admin's picture

MT. HAGEN, Papua New Guinea (January 7, 1999 - The National)---PNG's horticultural industry urgently needs a quality standard system to improve uniformity and quality of produce sold in the market place, recommends the Fresh Produce Development Company (FPDC).

The Mt. Hagen-based company said a quality standard system is required, allowing development of product quality specifications for each crop. Implementation of the system, the company noted, would increase sales and profitability.

Rita Pumuye, a quality improvement advisor with the FPDC, said that such as system must be developed and implemented if the industry is to grow and prosper.

"There must also be an independent audit system that will check to make sure the growers, wholesalers and retailers comply with the set standards. A neutral body operating in the horticultural industry must audit these specifications to make sure the industry is complying with set standards," Ms. Pumuye said.

She said the specifications for each crop must be clear, simple and concise and the system must be well controlled and managed to make it work. As well, there must be regular training provided to make sure people understand the system and this must be updated to accommodate changes in the industry, she added.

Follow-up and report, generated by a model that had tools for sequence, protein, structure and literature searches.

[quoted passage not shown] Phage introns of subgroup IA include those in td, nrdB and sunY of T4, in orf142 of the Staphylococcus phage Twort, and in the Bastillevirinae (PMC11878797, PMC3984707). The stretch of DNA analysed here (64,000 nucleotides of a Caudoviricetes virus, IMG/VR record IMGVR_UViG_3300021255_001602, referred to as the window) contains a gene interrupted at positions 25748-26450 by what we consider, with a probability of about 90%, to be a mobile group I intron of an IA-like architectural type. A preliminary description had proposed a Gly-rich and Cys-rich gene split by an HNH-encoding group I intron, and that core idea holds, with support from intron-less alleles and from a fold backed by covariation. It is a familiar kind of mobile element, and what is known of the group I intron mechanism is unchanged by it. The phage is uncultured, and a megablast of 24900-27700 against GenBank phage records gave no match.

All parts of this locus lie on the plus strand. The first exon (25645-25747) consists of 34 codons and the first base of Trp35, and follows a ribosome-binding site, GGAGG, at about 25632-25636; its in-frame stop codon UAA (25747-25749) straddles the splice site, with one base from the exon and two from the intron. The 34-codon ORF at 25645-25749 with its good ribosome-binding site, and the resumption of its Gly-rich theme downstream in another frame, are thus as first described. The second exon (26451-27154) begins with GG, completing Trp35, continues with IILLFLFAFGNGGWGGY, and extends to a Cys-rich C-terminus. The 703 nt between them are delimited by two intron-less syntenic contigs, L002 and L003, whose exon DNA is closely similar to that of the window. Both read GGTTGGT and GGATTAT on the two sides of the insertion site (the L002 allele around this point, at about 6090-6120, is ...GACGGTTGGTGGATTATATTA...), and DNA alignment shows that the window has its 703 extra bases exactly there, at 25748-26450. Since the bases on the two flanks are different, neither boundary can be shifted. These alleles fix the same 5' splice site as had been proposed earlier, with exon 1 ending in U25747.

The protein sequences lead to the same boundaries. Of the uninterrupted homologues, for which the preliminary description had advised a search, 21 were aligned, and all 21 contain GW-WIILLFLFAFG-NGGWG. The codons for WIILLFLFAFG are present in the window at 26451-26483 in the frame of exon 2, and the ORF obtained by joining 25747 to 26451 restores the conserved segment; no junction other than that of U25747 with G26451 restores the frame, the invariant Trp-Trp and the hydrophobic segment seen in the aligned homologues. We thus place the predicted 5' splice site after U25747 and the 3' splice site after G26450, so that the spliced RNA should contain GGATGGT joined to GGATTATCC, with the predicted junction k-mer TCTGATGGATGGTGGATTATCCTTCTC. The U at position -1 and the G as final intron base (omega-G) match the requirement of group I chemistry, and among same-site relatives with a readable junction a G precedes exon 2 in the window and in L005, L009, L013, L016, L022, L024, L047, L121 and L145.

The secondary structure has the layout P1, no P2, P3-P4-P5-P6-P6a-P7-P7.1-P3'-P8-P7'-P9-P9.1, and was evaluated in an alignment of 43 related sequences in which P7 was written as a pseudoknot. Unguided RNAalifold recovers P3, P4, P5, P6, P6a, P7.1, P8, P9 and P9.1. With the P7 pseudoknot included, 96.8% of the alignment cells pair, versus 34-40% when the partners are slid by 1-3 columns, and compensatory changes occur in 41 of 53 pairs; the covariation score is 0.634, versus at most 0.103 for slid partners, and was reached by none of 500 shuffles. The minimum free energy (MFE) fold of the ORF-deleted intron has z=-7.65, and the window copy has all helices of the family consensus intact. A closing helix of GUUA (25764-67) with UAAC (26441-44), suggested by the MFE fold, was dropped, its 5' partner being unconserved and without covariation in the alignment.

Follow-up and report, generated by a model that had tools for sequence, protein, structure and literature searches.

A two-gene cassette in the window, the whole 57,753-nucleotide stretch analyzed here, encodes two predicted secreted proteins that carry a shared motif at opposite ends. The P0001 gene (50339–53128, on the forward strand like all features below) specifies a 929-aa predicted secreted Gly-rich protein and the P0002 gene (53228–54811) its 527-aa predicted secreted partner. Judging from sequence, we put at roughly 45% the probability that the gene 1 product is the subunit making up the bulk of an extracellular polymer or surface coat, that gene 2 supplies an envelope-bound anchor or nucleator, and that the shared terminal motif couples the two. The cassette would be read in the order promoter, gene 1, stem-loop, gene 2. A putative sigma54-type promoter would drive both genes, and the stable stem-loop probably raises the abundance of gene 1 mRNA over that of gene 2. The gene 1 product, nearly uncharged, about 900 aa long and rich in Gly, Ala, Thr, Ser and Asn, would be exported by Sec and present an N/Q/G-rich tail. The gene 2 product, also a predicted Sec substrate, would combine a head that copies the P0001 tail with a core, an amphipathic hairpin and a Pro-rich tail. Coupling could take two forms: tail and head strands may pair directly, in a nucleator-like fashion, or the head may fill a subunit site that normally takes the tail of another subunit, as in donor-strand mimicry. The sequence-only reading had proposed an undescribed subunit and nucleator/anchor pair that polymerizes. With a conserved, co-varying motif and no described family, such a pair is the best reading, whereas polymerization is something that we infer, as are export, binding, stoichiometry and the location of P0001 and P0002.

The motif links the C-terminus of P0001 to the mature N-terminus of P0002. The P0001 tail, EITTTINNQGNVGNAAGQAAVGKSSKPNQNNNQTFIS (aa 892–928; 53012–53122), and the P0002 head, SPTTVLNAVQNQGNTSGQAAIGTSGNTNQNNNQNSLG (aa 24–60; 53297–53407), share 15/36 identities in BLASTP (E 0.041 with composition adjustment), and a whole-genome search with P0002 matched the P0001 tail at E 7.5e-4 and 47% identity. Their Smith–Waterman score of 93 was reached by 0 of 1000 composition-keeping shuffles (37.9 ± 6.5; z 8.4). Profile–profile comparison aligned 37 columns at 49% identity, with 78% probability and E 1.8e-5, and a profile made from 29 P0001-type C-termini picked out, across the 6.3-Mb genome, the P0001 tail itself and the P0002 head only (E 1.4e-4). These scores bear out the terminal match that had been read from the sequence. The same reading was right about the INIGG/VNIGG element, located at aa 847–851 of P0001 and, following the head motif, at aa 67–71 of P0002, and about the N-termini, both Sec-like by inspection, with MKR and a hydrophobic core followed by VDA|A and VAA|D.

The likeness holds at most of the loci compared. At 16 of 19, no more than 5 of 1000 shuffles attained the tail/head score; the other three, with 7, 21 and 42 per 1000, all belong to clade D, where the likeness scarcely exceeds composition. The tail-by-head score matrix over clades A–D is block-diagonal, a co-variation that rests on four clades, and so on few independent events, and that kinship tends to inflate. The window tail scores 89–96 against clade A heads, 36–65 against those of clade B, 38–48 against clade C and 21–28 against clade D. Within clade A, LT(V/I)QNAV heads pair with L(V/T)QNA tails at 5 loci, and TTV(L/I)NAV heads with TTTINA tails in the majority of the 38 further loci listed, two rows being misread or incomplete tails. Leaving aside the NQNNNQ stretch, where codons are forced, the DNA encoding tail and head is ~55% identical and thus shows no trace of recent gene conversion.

Ms. Pumuye said there was no one specific standard system used to determine the good quality of each crop as different standards made up a quality standard system and, therefore, these different standards should be developed and used together.

"The management of a horticultural business must enforce the use of these standards both at the employee and the customer level so that everyone is aware of what to do and expect.

"To determine a good quality according to set standards, we need to look at developing standards in color, size, defects, fruit weight per box, box labels and maintaining different price structures from grower to the consumer," she said.

Ms. Pumuye said, at present, those involved in the horticultural industry were not maintaining quality levels when buying the produce, but quality of produce should be graded and prices charged accordingly.

"In order to develop standards, the problems must be recognized and growers, wholesalers, retailers and a development agency like FPDC should come together to discuss and work closely to produce quality manuals, procedures, work instructions, records, job descriptions, product specifications, training manuals and other necessary documents."

For additional reports from The National, go to PACIFIC ISLANDS REPORT News/Information Links: Newspapers/The National (Papua New Guinea).

Rate this article: 
No votes yet

Add new comment